Robert Estrin - piano expert

Performer Noise During a Performance

Discover how some performers like to "make noise" during performance

In this video, Robert talks about the peculiarity of some famous performers of making noises and other extraneous sounds during performances and recordings.

Released on June 21, 2017

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DISCLAIMER: The views and the opinions expressed in this video are those of the author and do not necessarily reflect the views of Virtual Sheet Music and its employees.

Video Transcription

Hi, This is Robert Estrin at and Today the subject is extraneous noise during musical performance. Now, years ago I made a video, an extraneous motion during musical performance, and there are some amazing examples of people who move around and gyrate. Sometimes it can enhance the performance, sometimes it could be distracting. Well there's a whole other element of noises that some performers make. Some great performers of all time, as a matter of fact, from Rudolf Serkin to Glenn Gould. They really had trouble recording these artists because they made so much noise out of their mouths, and sometimes I've seen performers kicking their feet, stamping the pedals.

How does such a thing happen in the first place? Well, sometimes people just get used to singing along kind of, but they're not really singing, so it's kind of an unearthly sound that you get, and I guess, you know, they're forgiven when they're on the level of the artists I mentioned, but it's something you really want to avoid in your practice because it could become so ingrained that you lose control over it, and you won't be able to not make noises during your performances. And, you know, you don't want to distract the audience for what you are trying to achieve.

Now perhaps in a large concert hall it's not really an issue, but in an intimate setting or in recording, that...the grunting sometimes you'll hear, you know, pay attention to a recording and you'll know what I'm talking about. I remember years ago, a pianist who shall remain nameless, I remember he made so many noises and stamped his feet, and that when we got all done with the concert, it was a solo piano recital, I was joking with my further how it was kind of a song and dance routine because there was so much extra stuff going on. It's like, "Why didn't somebody stop this man when he was a child?" But sadly when it gets to that point, it's...there's no way you can control it because the emotion of the music makes you make this sounds, you know, and it's out of your control. So if you have students, make sure that you get them to stop doing this. And if you find yourself are making these kind of noises, have the self-control to stop it before it becomes so ingrained that it controls you.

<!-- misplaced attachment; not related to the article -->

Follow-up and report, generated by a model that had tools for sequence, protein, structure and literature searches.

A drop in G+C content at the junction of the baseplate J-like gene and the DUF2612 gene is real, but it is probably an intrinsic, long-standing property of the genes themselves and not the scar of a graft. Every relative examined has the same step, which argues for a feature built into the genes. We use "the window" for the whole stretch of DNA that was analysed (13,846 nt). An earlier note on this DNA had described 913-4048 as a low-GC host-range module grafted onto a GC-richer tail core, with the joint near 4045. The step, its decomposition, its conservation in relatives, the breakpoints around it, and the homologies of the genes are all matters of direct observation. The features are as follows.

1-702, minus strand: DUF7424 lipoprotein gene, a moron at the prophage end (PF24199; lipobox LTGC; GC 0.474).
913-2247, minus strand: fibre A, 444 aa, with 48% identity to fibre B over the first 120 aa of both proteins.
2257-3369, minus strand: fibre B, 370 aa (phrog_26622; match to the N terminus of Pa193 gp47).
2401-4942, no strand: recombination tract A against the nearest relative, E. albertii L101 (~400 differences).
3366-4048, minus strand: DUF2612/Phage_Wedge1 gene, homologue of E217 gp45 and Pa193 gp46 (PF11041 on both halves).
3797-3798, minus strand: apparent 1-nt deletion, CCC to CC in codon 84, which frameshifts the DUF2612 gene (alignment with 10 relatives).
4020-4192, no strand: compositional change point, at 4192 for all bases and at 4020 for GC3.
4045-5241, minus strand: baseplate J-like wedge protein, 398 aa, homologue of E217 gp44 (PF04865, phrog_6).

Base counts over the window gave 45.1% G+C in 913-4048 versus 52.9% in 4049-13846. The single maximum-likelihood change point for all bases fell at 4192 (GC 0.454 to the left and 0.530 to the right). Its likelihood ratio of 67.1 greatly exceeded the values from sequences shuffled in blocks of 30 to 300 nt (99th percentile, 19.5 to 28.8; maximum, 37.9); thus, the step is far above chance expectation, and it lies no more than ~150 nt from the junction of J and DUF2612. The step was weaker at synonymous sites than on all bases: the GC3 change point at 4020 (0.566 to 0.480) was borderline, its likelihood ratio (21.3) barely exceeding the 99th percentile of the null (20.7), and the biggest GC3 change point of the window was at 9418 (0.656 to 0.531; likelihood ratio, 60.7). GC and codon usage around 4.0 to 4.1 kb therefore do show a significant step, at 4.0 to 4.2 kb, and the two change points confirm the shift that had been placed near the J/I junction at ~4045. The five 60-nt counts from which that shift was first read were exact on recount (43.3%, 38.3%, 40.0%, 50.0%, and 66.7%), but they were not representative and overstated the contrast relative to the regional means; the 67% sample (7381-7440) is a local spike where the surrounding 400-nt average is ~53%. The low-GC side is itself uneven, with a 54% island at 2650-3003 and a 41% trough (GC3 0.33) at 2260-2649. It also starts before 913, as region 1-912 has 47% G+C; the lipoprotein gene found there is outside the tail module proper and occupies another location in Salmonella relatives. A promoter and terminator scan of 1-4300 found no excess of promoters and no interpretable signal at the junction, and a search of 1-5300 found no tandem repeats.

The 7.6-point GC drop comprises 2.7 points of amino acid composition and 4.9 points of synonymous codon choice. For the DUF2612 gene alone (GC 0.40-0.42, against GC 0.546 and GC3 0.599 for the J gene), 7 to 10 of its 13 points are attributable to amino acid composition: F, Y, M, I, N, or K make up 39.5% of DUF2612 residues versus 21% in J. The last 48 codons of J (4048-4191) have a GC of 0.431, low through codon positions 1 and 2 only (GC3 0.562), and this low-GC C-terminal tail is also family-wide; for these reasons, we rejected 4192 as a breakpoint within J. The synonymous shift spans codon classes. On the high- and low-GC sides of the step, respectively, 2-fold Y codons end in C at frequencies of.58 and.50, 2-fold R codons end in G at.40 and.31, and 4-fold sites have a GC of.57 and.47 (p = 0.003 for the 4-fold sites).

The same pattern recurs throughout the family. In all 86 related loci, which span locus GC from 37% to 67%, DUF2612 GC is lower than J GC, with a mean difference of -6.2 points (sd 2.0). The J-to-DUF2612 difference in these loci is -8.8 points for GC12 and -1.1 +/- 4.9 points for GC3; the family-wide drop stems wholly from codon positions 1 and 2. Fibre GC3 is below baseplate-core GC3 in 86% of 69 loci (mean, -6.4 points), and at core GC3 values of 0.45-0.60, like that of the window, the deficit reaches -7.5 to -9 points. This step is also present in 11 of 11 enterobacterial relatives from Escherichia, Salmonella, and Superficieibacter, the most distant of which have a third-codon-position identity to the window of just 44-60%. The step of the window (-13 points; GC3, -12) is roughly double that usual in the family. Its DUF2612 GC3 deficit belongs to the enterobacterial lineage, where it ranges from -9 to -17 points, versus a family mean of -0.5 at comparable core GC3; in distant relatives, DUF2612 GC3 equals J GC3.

That's my advice to you. We can forgive the great artist, but it doesn't really add any positive element to music, does it? Love to hear from you if you have any stories about, you know, people who make strange noises while they play instruments. Thanks so much for joining me. Robert Estrin here at and
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Comments, Questions, Requests:

Bill McClellan * VSM MEMBER * on April 6, 2019 @4:09 am PST
Thank you for your great videos.

Why do so many brilliant professional musicians seem to prefer playing music that is so dissonant music that you could never possibly sing to?
Robert - host, on April 6, 2019 @3:00 pm PST
Here is a child who is brilliant and incredibly wise about this very subject:
Fulvia * VSM MEMBER * on June 22, 2017 @8:11 am PST
I have a tendency to sing along with what I play, especially if I like the piece very much, it may be even a simple study of Czerny. Well, at least I am not a performer so nobody complains!
Ioannis Raftopoulos * VSM MEMBER * on June 22, 2017 @3:07 am PST
hi! I see that some performers in movies, move their bodies and hands, as if they are swimming, moving their body back and forwards, their hands move in a wavy way. is this an acceptable style or is it a trick they teach to movie stars to give the impression that they are actually playing? some jazz pianists move their bodies and lower their left and right elbows following the rhythm! thank you!
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